November 9, 2016

Dear NAEYC Family,
 
When we launched the Early Ed for President campaign in the Fall of 2015, we said we believed that all candidates could embrace early learning on the road to the White House. And they did. One of the first national ads released by now President-Elect Trump focused on the importance of child care to our nation’s children, parents and economy.
 
But yesterday's election was about more than the White House. It was about the future of this country. And as early childhood educators, we, who hold a key to that future, are bound by a professional code of ethics that fights bias and respects the dignity, worth and uniqueness of all individuals, regardless of the color of their skin, the place in which they worship, the people they love, or the candidates for whom they voted.  Each and every day, in early learning programs around the country, you, our NAEYC members, have a powerful opportunity to impact the lens with which children and their families approach the world.    
 
Based on my own experience throughout decades of work in Arizona, and the many polls that have come out, equitable access to developmentally appropriate, high-quality early learning is truly a bipartisan issue and a moral agenda. We will continue to work in a bipartisan manner, educating new and returning elected officials in Washington, DC and across the country about our shared priorities for children, families, and educators as we confront a changed political landscape.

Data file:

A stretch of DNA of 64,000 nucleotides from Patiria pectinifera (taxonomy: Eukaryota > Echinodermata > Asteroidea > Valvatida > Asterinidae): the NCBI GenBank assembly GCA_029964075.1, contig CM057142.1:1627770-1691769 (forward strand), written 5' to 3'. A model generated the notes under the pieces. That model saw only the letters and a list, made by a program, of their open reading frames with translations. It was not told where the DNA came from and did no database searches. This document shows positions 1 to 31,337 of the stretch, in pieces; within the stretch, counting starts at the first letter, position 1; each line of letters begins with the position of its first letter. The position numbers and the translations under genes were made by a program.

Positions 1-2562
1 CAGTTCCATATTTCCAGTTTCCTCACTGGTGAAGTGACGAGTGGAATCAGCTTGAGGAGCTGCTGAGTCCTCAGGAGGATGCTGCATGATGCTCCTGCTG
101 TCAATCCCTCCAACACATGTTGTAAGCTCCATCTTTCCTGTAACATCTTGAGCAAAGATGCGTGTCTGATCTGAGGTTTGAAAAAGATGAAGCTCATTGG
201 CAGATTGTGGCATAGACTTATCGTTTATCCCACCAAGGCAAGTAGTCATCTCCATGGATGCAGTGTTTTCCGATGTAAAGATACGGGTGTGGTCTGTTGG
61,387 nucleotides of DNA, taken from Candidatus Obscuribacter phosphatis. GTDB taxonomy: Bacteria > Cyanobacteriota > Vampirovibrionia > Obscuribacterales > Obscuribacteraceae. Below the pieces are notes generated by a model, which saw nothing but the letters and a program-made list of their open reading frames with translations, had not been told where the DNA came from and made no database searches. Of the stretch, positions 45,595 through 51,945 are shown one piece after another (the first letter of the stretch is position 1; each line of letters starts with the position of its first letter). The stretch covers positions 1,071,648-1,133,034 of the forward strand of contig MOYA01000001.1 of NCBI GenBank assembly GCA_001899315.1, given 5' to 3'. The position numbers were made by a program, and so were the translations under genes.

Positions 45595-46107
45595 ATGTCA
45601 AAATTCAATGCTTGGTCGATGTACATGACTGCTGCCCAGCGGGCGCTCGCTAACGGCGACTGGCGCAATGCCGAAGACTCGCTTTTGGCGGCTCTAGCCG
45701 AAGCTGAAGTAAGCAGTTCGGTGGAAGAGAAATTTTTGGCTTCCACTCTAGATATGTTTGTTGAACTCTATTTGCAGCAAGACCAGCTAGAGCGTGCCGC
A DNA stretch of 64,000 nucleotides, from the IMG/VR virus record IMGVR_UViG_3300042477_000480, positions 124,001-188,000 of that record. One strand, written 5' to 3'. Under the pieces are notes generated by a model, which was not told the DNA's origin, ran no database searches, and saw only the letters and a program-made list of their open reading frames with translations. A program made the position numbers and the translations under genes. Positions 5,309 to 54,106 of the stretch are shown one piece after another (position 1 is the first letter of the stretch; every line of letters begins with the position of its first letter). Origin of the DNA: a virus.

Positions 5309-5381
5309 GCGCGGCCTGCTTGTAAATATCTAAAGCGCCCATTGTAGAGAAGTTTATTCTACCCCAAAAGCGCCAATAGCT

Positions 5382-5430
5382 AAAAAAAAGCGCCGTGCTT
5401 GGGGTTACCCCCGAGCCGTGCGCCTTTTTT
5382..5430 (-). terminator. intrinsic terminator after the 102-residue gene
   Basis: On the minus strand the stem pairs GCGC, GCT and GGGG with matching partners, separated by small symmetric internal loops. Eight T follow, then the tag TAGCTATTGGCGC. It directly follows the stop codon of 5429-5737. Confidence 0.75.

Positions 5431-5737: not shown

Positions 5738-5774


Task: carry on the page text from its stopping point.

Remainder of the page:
In a year of potentially record turnout, there are now 239 Republicans and 193 Democrats (with 3 undecided seats) in the U.S. House of Representatives. In the U.S. Senate, there are now 51 Republicans and 48 Democrats, with 1 undecided seat. Republicans won at least half of the 12 states where elections for Governor were held, and control upwards of two-thirds of state legislatures—including in Ohio, where two ballot initiatives to support early childhood education also passed. Changes at these state levels can also mean new state agency leaders—and important opportunities to advocate for child care and early learning, especially as the work on the implementation of the Child Care and Development Block Grant (CCDBG) and the Every Student Succeeds Act (ESSA) continues.
 
Support for increased federal and state investment in early childhood education is high across the political, geographic, and demographic lines that have so clearly divided American voters, and if we are to come together, let support for all of our nation’s children and families drive that fight towards unity. 
 
We have work to do, and we will do this work together. It will require bravery and courage; empathy and determination. So let’s get to it. Let’s hold our elected officials, at all levels of government, responsible for delivering on the promise of early childhood education, for the good of our children, our families and our nation.
 
Onward,
 
Rhian Evans Allvin
Chief Executive Officer, NAEYC

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